“Star Wars has a lot to answer for,” smiled J Willgoose Esq, musical centrifuge of Public Service Broadcasting, in the pre-show Q&A with comedian Helen Keen – a strange curio at a live concert which was probably induced by this show falling within the programme of the Edinburgh International Science Festival.
Public Service Broadcasting ****
Usher Hall, Edinburgh
Yet he was speaking for a generation as he articulated the link between George Lucas’ imagination and the fevered interest in the competitive space programme of the Cold War era. Second album The Race For Space was released in 2015, and it chronicled the excitement, drama and tragedy of both the US and Soviet programmes through archive sound footage and a diverse, sprawling soundtrack. Performed here in full for apparently the final time, the efficient but sometimes pallidly referential sound of the album was augmented by strings from Mr McFall’s Chamber, the 12-piece National Youth Choir of Scotland and the group’s own all-dancing brass quintet. This felt not so much like another tour date as a unique experience.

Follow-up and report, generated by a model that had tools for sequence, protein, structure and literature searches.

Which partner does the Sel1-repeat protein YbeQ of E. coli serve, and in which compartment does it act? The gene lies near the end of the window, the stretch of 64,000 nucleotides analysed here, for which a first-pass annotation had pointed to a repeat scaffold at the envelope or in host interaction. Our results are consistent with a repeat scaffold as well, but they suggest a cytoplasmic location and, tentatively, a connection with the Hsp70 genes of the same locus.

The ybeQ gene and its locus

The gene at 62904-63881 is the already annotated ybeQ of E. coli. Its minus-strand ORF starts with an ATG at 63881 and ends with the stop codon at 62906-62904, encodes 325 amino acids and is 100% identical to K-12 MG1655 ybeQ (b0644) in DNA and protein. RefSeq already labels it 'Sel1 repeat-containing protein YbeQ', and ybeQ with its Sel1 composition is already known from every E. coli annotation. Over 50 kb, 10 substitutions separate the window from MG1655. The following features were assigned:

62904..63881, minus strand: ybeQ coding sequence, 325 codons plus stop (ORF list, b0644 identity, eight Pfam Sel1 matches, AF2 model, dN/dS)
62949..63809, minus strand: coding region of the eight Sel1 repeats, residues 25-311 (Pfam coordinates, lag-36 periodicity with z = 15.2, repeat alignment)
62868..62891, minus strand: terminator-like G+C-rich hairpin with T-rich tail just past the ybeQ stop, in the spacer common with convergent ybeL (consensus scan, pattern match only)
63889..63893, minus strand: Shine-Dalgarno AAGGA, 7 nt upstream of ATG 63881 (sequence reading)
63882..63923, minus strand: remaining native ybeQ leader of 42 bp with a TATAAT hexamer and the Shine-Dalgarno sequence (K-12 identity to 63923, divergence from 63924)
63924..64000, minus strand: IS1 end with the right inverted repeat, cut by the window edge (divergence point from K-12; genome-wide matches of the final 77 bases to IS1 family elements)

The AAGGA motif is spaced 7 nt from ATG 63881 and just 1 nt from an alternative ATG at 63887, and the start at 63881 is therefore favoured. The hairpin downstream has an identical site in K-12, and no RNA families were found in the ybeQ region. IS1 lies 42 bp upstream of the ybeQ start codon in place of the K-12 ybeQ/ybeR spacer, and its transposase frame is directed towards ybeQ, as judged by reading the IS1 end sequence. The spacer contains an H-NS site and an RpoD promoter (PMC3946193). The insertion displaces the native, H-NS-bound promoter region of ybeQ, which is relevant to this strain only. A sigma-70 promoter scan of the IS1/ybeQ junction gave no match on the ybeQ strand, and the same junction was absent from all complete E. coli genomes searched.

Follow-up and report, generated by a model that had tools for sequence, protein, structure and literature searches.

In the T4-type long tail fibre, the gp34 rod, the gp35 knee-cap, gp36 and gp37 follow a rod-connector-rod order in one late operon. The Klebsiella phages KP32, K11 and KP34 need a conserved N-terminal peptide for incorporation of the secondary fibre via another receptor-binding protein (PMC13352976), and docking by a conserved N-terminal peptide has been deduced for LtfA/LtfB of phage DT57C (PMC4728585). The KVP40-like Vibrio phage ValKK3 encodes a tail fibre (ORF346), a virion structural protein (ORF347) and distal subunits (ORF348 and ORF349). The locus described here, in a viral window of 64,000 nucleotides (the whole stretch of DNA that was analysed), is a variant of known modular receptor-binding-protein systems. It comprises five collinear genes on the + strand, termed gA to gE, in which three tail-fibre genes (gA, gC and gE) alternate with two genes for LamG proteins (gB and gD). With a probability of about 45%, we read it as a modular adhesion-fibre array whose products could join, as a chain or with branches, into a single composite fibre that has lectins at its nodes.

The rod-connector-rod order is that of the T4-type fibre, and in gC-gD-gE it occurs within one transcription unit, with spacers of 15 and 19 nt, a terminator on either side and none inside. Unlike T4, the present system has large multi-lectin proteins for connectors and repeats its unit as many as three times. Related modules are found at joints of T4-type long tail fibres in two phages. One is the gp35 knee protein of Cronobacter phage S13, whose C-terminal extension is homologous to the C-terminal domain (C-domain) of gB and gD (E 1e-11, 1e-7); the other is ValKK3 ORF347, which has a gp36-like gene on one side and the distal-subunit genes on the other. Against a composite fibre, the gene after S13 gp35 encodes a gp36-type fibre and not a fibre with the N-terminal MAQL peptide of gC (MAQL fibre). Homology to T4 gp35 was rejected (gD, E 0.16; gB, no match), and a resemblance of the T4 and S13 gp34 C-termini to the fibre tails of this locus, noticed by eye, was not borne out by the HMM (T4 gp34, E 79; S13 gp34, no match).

Across nine tracks from the album and nine from elsewhere in their catalogue, the band (drummer Wrigglesworth is the only other core member) combined dense, clubby electronic beats on the slow-building Sputnik, brassy funk on Gagarin, and lively, elegiac indie-pop songwriting on Go!.Late in the show they revealed Progress, from this summer’s third album Every Valley, a shift below ground to look at the political disenfranchisement of forgotten Welsh mining communities; its “I believe in progress” mantra offering a striking counterpoint between dreams of the stars and grounded reality.